I found Jason just outside of his tent, tying a line which would later be used for holding fish if he had any luck that day. He turned at the sound of my approach. I could not tell if it was that he read the look on my face, or if he truly could read my mind, but he again responded exactly to what i was thinking.
“It’s alright, Claire. You needed rest,” he assured me with understanding. I paused, a foot away from him, and then wrapped my arms around his waist. He returned my embrace without reluctance. “I went down to the river yesterday after I checked on you when you were sleeping. We shouldn’t have any trouble catching anything today.” I nodded in reply and then began to help him finish the line he’d been working on. We worked in silence only a few minutes before Jason asked if I was ready to go.
As we made our way down the path, I noticed that it began to widen significantly the farther we continued. The sloping forests on either side, however, remained as steep and foreboding as ever. I soon became completely absorbed in studying the trees as we passed between them and, eventually, I began to notice the slightest movements among them. Every time I found myself open to the outside air on the dirt path, I was careful to remain aware that I was not walking unseen. Now, though, as I studied the movements which arrested my attention, I was more aware of a foreign presence in those woods than I ever had been before.
My hand found Jason’s as I began to remember every rumor ever created which claimed to explain our fear of the forests and whatever may inhabit them. My head turned involuntarily to the right, scanning the trees rapidly in attempt to reconcile movement with mover to no avail. I could have sworn I’d seen something shift through the trees. Jason recognized the fear in my frantic movements and, when my foot caught a stray stone, he was ready to catch me before my body could hit the ground. He held me there, unsure of what had caused my panic though he assured me that everything would be alright nonetheless. I’d believed him. I always believed him.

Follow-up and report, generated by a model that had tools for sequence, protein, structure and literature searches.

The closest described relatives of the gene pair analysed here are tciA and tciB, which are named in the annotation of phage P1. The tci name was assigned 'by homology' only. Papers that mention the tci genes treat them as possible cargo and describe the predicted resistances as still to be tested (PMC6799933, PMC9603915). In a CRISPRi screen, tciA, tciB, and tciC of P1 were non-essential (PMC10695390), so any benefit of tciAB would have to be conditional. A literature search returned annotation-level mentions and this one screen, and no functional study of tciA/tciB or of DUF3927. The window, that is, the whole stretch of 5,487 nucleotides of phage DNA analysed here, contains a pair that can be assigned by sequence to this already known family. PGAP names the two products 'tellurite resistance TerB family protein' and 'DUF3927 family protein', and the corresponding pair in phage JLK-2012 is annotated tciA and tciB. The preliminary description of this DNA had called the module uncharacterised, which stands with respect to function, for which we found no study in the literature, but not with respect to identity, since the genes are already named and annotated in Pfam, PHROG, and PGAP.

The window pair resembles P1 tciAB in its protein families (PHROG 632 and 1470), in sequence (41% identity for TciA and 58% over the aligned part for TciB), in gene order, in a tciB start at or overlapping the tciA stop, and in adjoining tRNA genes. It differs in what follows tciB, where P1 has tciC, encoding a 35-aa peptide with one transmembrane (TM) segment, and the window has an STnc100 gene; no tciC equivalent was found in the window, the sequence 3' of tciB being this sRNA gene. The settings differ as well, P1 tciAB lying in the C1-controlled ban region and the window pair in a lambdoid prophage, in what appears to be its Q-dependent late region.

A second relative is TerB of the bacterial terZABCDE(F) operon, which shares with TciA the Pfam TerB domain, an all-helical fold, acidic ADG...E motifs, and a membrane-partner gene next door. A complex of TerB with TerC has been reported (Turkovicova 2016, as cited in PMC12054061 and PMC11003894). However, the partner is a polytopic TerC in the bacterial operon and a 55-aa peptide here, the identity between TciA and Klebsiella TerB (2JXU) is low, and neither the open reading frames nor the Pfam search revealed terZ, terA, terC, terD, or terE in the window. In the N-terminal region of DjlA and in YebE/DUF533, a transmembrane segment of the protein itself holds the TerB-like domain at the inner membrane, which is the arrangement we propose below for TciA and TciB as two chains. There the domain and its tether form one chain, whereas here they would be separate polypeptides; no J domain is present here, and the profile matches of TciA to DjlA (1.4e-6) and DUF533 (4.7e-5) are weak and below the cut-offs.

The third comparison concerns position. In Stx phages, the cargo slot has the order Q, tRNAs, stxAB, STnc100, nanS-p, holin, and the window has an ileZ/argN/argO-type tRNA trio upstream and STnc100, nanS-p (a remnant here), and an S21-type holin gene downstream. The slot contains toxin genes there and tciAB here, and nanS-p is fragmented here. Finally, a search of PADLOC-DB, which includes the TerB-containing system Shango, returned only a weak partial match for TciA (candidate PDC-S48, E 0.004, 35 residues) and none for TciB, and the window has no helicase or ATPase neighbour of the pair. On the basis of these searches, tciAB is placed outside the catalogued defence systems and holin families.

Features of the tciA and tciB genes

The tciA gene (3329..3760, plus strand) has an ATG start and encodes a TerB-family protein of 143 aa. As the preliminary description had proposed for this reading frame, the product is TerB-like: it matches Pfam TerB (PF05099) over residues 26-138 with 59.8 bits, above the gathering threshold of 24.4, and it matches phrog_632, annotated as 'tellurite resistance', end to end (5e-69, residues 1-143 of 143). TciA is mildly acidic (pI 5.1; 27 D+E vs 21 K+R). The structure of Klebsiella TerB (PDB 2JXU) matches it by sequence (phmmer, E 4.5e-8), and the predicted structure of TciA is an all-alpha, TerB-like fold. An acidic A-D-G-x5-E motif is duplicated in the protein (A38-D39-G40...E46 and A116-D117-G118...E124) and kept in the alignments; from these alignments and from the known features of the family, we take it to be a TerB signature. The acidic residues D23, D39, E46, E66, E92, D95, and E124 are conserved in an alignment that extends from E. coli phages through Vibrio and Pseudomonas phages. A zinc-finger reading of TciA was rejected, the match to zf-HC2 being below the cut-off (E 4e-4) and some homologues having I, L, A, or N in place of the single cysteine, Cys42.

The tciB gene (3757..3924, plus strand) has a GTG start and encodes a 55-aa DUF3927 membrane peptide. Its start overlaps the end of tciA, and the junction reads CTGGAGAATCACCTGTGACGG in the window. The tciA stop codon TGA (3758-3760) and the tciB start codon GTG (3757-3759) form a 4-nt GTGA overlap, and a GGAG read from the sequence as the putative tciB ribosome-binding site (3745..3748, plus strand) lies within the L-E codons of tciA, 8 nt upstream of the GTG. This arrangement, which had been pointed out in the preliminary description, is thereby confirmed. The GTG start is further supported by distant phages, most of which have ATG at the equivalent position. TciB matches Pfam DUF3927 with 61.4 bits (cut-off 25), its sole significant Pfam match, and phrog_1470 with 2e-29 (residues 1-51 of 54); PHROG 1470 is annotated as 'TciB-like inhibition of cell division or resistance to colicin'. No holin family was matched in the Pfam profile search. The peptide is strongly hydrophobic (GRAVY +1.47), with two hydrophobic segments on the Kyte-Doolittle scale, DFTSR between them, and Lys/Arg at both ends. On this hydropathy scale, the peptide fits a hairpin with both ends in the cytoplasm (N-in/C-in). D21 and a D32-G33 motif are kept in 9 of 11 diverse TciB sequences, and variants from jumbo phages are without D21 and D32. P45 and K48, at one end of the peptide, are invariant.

“Is everything alright?” a voice inquired from somewhere behind us. We turned to see a man approaching from the direction which we had come.
“Yes, everything is just fine,” Jason echoed his reassurances.
Only I could detect that hidden note of defense which tainted his words, and I knew he did not trust this man. I’d never seen him before, but we had just arrived at the new site so there was no way I could have familiarized myself with every face. Still, I instantly understood Jason’s aversion to this man. There was a strangeness to his posture and the way he formed his words; something unfamiliar about the way he walked. He was not like the rest of us. As I had assumed, the man did not recognize the sharp tone of Jason’s reply. Only someone who knew him as I did could pick up on the distrust underlying his polite words. The man approached us slowly as Jason steadied me on my feet.
What concerned me most about this man was not the fear incited by his presence, but rather my attraction towards the mystery surrounding him. I was compelled to understand him while determined to fear him. Another movement from the high slope arrested my attention. This time, Jason was aware of it as well. Out of the corner of my eye, I noticed his gaze find the same spot mine rushed to encompass.
“Do you see that?” the man was mumbling from somewhere behind us.
I turned to see him standing on the edge of the path, looking down into the opposite slope as if he had encountered something truly extraordinary. I barely noticed that I had taken an unconscious step forward until a slight rustling of trees brought my gaze back towards the upward slopes. Instead of focusing on the trees this time, my eyes were now fixed on Jason; his back turned towards me as he scanned the treeline. Why hadn’t he turned? Surely he had heard the stranger’s mumbling.